What is your goal with this blog?
The goal of my blog is to encourage Generation Y investors (i.e. millennials as we are often called) to invest both early and often. Most readers are embarking on brand new careers, and are now in control of true discretionary income for the first time. My goal is to help you understand the best ways to invest that money while avoiding the Wall Street hype machine's tentacles, all the while staying disciplined in the process. While I will not recommend any specific investments, I will offer comments and opinion on how the current news of the day in the financial world and beyond may relate to Generation Y investors and their finances. Also, I will occasionally post and comment on articles that may interest millennial readers and highlight certain strategies that have worked for us. Please don't get the impression that this blog is purely about investing! Instead, I will also talk about Gen Y careers and professional life, money management, and anything else I think the financially conscious millennial reader will enjoy.
Why should you listen to me?
As a fellow member of Generation Y, I know exactly what you are going through. I have been investing for greater than half of my life and had an investment guide for teenagers published in 2003 by McGraw-Hill. I earned by B.S. in Finance from Louisiana State University in 2011, earned an MBA from Loyola University New Orleans in 2015 and have been working in a supply chain role for a major corporation the past four and a half years. While in high school and college, I interned at financial firms such as a hedge fund and a local investment management firm.
Most importantly, however, I practice what I preach! I invest the same way I recommend that you invest. By sticking to a disciplined investment plan of index funds, I was able to weather the Great Recession and have done much better than if I would have tried to guess which individual stocks would pull through. Please note that nothing on here is part of a "get rich quick" scheme and I certainly am not telling you exactly how to invest. Instead, I talk about the strategies that have made countless investors wealthy such as indexing, dollar cost averaging, and taking advantage of the tax benefits of Roth IRAs (among many other things)!
What is Generation Y?
Interestingly, many people don't understand what Generation Y is, let alone even know if they are a part of it! Most people are familiar with the terms Generation X and Baby Boomer which are used to describe different generations. Generation Y is a demographic that encompasses those people born between the mid-1970s and early 2000s and it remains a demographic that has long been underserved when it comes to financial advice.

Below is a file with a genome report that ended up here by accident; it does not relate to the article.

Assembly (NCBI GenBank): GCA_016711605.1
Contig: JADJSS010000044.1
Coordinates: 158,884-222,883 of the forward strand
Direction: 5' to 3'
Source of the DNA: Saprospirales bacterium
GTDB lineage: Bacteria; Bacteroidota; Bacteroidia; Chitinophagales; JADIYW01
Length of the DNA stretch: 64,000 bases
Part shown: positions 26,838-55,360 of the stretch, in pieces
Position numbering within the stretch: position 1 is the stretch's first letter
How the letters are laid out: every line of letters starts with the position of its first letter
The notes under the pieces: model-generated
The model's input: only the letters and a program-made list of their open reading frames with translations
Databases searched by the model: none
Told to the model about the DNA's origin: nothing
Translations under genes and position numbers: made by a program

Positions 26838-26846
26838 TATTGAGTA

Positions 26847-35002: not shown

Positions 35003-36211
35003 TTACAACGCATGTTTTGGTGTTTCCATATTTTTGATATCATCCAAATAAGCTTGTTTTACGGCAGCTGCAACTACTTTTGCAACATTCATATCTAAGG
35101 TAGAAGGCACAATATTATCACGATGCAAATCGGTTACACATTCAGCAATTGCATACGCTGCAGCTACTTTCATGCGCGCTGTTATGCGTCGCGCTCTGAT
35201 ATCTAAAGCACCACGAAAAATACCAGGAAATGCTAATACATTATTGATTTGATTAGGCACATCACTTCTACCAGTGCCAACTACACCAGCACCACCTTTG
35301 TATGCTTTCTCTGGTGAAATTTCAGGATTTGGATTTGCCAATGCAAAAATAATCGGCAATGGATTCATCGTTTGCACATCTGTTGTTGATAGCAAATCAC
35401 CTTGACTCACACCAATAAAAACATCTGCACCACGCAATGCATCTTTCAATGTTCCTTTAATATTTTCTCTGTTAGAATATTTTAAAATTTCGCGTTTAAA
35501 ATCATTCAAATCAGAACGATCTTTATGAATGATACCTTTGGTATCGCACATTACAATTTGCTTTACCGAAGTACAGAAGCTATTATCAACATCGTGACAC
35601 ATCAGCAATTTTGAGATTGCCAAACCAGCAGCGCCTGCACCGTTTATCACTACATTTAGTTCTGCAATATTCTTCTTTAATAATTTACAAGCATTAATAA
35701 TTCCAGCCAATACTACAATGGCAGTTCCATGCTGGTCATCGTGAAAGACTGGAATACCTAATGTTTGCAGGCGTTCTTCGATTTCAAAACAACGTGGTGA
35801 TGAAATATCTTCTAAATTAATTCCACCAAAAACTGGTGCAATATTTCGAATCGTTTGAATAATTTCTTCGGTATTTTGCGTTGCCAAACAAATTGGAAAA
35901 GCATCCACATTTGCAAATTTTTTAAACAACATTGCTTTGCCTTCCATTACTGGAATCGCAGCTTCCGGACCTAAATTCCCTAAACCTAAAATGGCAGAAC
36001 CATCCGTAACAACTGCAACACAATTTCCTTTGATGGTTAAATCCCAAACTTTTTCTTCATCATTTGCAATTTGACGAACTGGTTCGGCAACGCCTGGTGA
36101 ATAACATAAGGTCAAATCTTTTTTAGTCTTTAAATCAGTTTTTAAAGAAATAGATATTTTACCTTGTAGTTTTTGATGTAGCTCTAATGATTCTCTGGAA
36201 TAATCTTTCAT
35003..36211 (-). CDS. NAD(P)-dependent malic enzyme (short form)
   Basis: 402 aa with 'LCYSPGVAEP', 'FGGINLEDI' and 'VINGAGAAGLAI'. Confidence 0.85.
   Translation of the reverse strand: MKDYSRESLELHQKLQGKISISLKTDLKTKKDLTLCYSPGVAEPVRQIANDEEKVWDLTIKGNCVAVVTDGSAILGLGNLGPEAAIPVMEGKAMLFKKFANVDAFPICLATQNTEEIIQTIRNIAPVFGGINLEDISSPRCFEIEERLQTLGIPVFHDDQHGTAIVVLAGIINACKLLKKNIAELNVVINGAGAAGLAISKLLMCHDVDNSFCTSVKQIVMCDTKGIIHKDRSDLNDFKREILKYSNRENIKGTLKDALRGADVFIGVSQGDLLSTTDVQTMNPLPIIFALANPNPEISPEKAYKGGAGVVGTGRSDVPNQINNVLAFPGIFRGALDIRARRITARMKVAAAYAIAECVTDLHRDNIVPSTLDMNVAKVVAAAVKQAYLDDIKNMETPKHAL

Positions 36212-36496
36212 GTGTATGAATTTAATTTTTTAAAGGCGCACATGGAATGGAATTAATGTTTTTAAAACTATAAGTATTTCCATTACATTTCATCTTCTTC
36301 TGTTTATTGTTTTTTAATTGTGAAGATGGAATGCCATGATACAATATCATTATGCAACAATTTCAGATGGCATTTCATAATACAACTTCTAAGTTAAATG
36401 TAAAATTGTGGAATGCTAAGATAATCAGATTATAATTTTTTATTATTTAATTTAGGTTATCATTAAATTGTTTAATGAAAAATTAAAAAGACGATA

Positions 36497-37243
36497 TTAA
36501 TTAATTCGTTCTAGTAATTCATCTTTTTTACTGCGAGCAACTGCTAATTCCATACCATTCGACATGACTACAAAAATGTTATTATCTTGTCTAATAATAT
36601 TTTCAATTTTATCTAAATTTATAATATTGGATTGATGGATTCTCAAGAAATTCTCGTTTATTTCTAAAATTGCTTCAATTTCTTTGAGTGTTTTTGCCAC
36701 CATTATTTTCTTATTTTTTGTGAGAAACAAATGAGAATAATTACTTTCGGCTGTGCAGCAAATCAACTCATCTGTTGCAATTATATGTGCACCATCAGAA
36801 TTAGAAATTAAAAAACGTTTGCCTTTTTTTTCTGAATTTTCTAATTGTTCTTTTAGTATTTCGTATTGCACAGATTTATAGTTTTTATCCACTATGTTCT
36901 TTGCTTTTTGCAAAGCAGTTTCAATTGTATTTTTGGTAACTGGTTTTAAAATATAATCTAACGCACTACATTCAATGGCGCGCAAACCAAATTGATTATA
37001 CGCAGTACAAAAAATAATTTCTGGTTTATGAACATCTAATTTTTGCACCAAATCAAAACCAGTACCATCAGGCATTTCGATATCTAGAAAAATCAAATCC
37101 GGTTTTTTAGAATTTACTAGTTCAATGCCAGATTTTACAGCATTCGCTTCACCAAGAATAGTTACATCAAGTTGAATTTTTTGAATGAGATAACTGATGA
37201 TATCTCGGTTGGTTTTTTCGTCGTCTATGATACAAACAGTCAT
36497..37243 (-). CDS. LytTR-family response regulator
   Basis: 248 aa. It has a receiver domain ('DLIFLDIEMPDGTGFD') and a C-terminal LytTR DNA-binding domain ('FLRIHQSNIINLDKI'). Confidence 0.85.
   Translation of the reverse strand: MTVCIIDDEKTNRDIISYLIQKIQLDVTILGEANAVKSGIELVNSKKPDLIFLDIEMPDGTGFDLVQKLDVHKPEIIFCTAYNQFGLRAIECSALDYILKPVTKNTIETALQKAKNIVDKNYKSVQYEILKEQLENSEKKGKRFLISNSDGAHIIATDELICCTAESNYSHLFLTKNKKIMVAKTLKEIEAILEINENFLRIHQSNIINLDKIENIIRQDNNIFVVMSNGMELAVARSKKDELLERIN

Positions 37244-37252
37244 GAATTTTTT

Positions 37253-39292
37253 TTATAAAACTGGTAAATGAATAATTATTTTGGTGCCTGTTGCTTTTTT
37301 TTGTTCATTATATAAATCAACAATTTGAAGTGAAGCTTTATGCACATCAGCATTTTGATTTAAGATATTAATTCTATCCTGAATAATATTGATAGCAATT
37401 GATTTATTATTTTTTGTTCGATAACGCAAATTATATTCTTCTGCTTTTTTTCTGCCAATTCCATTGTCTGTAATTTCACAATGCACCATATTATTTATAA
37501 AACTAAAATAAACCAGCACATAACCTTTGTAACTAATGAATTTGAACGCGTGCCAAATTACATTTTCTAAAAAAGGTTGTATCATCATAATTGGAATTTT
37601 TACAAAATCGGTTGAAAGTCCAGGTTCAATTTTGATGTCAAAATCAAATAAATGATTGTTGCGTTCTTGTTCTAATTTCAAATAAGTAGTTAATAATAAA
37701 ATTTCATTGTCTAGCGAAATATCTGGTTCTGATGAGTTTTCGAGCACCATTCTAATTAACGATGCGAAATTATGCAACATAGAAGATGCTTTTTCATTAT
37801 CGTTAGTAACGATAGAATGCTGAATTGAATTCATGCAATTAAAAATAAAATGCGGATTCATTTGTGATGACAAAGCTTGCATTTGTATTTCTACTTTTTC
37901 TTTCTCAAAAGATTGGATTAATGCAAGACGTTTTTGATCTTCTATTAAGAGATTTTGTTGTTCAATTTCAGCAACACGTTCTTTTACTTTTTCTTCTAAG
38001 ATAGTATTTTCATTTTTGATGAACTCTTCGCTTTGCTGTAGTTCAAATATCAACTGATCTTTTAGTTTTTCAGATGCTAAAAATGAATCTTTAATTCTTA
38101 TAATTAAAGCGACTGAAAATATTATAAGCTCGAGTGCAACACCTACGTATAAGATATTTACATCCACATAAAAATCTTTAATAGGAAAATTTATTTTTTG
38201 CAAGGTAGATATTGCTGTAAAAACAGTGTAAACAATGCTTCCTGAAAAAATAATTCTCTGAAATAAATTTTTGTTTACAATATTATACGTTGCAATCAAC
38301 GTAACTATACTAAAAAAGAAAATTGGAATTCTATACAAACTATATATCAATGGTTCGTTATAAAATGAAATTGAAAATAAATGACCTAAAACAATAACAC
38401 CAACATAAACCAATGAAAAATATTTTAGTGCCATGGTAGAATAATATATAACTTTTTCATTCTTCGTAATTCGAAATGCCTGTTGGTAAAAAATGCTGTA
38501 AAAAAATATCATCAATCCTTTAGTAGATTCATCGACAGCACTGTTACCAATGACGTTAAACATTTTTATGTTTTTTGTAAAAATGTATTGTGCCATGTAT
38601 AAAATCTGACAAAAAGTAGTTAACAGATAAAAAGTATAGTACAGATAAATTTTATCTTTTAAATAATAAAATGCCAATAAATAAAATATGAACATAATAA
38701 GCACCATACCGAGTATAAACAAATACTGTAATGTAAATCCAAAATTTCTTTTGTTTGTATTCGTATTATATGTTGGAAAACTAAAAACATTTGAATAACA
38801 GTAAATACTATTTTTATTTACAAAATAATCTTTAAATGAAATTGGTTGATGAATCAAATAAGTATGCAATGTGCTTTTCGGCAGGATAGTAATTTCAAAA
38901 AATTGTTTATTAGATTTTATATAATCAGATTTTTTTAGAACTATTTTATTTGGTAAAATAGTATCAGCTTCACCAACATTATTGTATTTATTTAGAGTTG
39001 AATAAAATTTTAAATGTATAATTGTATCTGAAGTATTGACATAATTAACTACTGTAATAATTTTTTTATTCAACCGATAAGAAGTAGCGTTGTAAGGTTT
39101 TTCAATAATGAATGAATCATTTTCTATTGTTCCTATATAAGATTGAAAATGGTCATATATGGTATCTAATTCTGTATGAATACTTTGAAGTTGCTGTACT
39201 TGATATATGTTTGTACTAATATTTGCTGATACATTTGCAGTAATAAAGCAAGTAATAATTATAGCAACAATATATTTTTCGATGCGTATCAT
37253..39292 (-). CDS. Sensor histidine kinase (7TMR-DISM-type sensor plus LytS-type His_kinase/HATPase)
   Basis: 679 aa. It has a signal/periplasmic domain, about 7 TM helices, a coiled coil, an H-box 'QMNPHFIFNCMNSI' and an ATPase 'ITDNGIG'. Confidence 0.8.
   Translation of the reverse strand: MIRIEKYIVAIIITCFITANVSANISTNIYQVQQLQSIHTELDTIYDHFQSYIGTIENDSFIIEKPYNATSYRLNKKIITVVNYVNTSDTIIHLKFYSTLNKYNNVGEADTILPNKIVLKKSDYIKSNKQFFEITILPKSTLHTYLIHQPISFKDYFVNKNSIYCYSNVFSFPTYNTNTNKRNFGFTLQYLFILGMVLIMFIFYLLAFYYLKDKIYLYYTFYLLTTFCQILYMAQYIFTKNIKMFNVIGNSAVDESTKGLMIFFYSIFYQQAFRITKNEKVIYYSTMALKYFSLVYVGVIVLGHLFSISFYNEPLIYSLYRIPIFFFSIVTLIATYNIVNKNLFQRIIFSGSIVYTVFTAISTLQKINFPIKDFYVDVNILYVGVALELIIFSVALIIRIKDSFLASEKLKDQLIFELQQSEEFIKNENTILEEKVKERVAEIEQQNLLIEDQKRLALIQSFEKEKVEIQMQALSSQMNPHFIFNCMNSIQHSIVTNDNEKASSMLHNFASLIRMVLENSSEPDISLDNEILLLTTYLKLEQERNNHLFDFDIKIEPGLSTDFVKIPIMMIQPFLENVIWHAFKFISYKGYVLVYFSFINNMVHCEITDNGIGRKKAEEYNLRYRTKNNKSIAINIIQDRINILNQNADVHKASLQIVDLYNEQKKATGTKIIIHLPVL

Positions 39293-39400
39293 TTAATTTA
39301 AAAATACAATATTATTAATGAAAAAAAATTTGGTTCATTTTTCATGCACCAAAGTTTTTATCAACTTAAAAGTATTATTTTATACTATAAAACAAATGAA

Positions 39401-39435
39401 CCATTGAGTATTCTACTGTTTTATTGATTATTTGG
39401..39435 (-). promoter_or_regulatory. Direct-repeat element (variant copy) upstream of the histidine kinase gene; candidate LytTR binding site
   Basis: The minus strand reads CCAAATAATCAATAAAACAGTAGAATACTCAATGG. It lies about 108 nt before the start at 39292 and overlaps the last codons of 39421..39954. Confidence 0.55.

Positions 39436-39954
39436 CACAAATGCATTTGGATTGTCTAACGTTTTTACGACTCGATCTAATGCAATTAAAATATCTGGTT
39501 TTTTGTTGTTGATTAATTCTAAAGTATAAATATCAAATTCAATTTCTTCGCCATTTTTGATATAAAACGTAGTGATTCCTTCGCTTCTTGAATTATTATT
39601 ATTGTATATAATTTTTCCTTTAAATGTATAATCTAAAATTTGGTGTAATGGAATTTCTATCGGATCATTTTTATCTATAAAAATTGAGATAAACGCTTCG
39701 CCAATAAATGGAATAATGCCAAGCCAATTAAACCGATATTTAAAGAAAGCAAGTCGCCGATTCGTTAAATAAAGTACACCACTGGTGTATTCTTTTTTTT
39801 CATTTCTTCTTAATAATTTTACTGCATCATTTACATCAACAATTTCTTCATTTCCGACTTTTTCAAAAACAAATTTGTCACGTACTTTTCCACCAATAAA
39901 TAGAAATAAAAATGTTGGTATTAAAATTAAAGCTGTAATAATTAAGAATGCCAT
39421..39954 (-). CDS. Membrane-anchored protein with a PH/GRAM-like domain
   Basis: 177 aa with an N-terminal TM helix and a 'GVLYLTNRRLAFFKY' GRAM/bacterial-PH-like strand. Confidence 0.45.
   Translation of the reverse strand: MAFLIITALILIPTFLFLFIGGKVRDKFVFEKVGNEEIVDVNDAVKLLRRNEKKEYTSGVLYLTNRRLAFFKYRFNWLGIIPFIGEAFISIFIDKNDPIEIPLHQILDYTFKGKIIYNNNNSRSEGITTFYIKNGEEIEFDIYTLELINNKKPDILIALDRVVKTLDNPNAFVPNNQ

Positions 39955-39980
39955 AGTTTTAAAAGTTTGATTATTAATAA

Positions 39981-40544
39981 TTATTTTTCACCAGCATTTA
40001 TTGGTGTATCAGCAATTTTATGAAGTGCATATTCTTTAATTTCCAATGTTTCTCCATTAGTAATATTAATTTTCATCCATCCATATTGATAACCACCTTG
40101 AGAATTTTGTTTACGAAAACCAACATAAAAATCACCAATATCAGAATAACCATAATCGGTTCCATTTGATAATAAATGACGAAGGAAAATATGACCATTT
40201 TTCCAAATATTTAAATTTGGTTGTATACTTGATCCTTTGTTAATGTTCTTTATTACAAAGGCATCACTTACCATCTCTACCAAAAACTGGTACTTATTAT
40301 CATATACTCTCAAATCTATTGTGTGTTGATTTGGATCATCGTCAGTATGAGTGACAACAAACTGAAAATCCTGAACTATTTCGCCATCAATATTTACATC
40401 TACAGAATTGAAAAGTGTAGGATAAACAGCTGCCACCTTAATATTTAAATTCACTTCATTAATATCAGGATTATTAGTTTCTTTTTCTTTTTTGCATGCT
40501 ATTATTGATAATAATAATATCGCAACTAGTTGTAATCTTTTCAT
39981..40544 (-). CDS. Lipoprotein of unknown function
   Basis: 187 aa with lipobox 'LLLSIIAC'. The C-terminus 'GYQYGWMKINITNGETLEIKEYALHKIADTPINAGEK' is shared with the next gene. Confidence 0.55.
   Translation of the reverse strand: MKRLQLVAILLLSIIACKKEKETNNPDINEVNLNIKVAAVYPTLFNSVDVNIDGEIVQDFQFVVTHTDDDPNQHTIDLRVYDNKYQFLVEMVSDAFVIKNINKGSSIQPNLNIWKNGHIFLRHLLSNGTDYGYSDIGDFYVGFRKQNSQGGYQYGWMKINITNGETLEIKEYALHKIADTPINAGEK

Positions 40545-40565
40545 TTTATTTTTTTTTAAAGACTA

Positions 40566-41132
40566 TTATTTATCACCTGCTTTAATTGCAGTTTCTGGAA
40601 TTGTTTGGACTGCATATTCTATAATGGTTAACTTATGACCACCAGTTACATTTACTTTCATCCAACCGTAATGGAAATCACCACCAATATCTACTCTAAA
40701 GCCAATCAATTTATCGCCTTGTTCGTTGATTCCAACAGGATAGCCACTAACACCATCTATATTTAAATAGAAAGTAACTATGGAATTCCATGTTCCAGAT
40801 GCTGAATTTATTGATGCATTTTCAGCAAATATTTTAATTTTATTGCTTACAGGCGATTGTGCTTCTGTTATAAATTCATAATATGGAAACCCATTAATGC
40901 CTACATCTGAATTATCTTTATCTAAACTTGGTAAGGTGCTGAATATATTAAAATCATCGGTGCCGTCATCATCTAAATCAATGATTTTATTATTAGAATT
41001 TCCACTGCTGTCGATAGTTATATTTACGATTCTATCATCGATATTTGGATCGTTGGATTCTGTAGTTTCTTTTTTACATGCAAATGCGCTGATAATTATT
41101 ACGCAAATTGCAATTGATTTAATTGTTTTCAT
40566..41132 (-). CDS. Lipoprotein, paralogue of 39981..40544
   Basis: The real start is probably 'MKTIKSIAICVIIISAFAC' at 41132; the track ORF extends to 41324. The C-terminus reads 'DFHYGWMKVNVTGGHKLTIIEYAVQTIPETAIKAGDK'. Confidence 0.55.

Worse still, that ignorance on the part of Wall Street and the financial community is stunning because of the sheer amount of assets and spending power millennial's control. In 2015, research by Youbrand concluded that Gen Y's had combined spending power of $2.45 trillion globally. Imagine what would happen to the long-term financial success of millennials if even only a small fraction of that money was invested. My goal is to help the novice millennial investor navigate the financial markets so that they can be a part of what I like to call "Generation WI$E" - the informed investors who make up our demographic!
What is Generation WI$E?
I like to use the term "Generation WI$E" to describe those millennial investors who have become enlightened to the following facts: 1). Index funds are the most efficient and cost-effective way to build wealth 2). Slow and steady wins the race in investing 3). The financial media typically does more harm than good 4). Controlling your emotions is a key step in becoming a successful investor 5). Any individual stock purchases should only be included in a broader diversified basket of dividend-paying equities and should make up less than 40% of your overall asset allocation
Do you recommend individual stocks?
No. I don't recommend individual stocks for a few reasons but namely because I think that index funds offer a more cost-effective and efficient way to wealth than picking individual stocks. Secondly, I know very little about the personal financial situation of each reader so that it would be pointless for me to recommend individual equities. Lastly, each investor invests with different goals and risk tolerances in mind. Most of the time stock picking is futile given the high costs associated with it, and the desire most investors have to abandon a long-term view by trying to time the market. The only individual stock I own is PepsiCo (PEP) which is the first stock I ever purchased as an 8 year old.